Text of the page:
Al Qaeda Suspected Nabbed

Officials in the United Arab Emirates captured and turned over to Pakistan a senior operative in Osama bin Laden's terror network, the information minister said Sunday, flying him secretly to the eastern city of Lahore for interrogation.

The man, Qari Saifullah Akhtar, used to run a vast terror camp in Rishkhor, Afghanistan which was visited by bin Laden and Taliban chief Mullah Mohammed Omar, and where 3,500 men learned combat skills, including assassination and kidnapping.

Akhtar melted away in the hours before U.S. bombing began in October 2001, and had not been heard from since.

"Yes we can confirm that we have Qari Saifullah," Information Minister Sheikh Rashid Ahmed told The Associated Press. He said Akhtar had been arrested in Dubai "in the past week" and had been turned over to Pakistan, but he would not give any details into the raid. Officials in Dubai had no comment.

A Pakistani intelligence official said on condition of anonymity that Akhtar was being held in Lahore, where he was undergoing interrogation.

In other developments:

  • The New York Times reports the Pakistani computer engineer Mohammed Naeem Noor Khan, arrested in connection with the al Qaeda surveillance of five financial institutions last week, was also in contact with al Qaeda operatives who are plotting to disrupt the fall elections.
  • Newsweek reports that a "knowledgeable British source" says Bush administration officials "compromised an ongoing surveillance operation that ultimately could have uncovered more about Al Qaeda operations around the world" by raising the terror threat last week and publicly revealing new intelligence they had found.
  • The Washington Post reports that senior federal agents acknowledge the United States has" virtually no defense" against terror attacks using truck bombs.

    In Washington, the head of the White House's office of counter-terrorism said Akhtar's arrest was significant, and that he was believed involved in two attempts in December to assassinate President Gen. Pervez Musharraf.

    The arrest is "very important, particularly for Pakistan," Fran Townsend said in a broadcast interview. "He's wanted in connection with the two assassination attempts on President Musharraf. He was also involved in the training camps in Afghanistan."

    Asked if Akhtar is thought to be someone who's currently operational, Townsend said, "Absolutely. Absolutely."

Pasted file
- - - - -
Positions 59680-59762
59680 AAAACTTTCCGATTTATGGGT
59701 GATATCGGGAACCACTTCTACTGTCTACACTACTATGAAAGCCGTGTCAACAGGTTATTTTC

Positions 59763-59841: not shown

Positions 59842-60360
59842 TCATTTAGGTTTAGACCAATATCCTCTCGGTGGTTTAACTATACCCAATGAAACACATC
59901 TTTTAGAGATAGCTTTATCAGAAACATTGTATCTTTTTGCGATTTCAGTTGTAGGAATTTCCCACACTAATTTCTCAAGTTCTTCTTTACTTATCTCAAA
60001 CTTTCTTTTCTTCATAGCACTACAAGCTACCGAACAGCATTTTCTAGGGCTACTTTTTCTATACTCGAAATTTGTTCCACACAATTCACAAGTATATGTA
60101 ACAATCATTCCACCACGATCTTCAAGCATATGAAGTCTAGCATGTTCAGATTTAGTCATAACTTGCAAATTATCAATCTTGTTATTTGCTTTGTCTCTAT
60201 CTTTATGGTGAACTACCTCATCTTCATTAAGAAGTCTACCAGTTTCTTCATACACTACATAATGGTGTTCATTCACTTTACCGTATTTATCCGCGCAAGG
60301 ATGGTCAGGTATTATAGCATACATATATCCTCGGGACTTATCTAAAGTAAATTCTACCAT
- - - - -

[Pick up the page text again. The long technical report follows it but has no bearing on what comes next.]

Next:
Ahmed, the information minister, said it was "premature" to say that Akhtar was involved in the assassination attempts.

    Akhtar is said to have been active in several Kashmiri militant groups, including the Harakat-ul-Jehad-e-Islami, whose Muslim fighters have fought as far afield as Chechnya and Bosnia.

    "He had a hand in various cases," Ahmed said of Akhtar, without giving any details.

    Pakistan's Geo television reported Sunday that authorities had arrested another Kashmiri militant, Maulana Fazl-ur Rahman Khalil, on charges that he was sending militants to Afghanistan to join the Taliban insurgency there.

    Khalil is said to be the leader of Harakat-ul-Mujahedeen, a group linked to Harakat-ul-Jehad-e-Islami and one of several Kashmiri militant groups banned by President Gen. Pervez Musharraf for its alleged ties to al Qaeda. He helped organize a secret trip by about a dozen Pakistani journalists to interview bin Laden in Khost, Afghanistan in 1998, one of the last interviews granted by the terror chief.

    Senior government ministers had no comment on the Geo report, which did not say when or where Khalil was arrested.

    Ahmed said the arrest of Akhtar was not linked to the recent capture of two other al Qaeda operatives, Ahmed Khalfan Ghailani and Mohammed Naeem Noor Khan.

    Information gleaned from those two arrests helped lead to a terror warning in the United States and a sweep in Britain that has netted about a dozen suspects. About 20 suspects have been arrested in Pakistan as well.

    Two South Africans arrested with Ghailani on July 25 had just arrived from the United Arab Emirates, and several other al Qaeda suspects are believed to have transited through that country as well.

    Word of Akhtar's arrest follows news that Pakistani agents working closely with U.S. officials are searching for two north African associates of Ghailani, a Tanzanian who had a $25 million bounty on his head for his role in the 1998 bombing of U.S. embassies in east Africa, security officials said Saturday.

    The hunt for Abu Farj, a Libyan, and Hamza, from Egypt, began on a tip from Khan, an al Qaeda computer whiz who last month helped Pakistani police arrest Ghailani and whose computer contained photographs of potential targets for attacks in the United States and Britain.

    "Yes, our security agencies are looking for Abu Farj and Hamza, but I have no details," said a senior government official, who spoke on condition of anonymity.

    Another security official confirmed that Pakistani intelligence agents were searching for the pair. He refused to elaborate and it was not immediately clear when and from where Farj and Hamza entered Pakistan or what they were doing here.

    Pakistan, a key ally of the United States in its war on terror, has arrested about 20 al Qaeda suspects in less than a month.

    British authorities on Tuesday conducted a sweep in and around London that netted 13 suspects, including a man known as Abu Eisa al-Hindi or Abu Musa al-Hindi, believed to be a senior al Qaeda member who had been plotting an attack on Heathrow.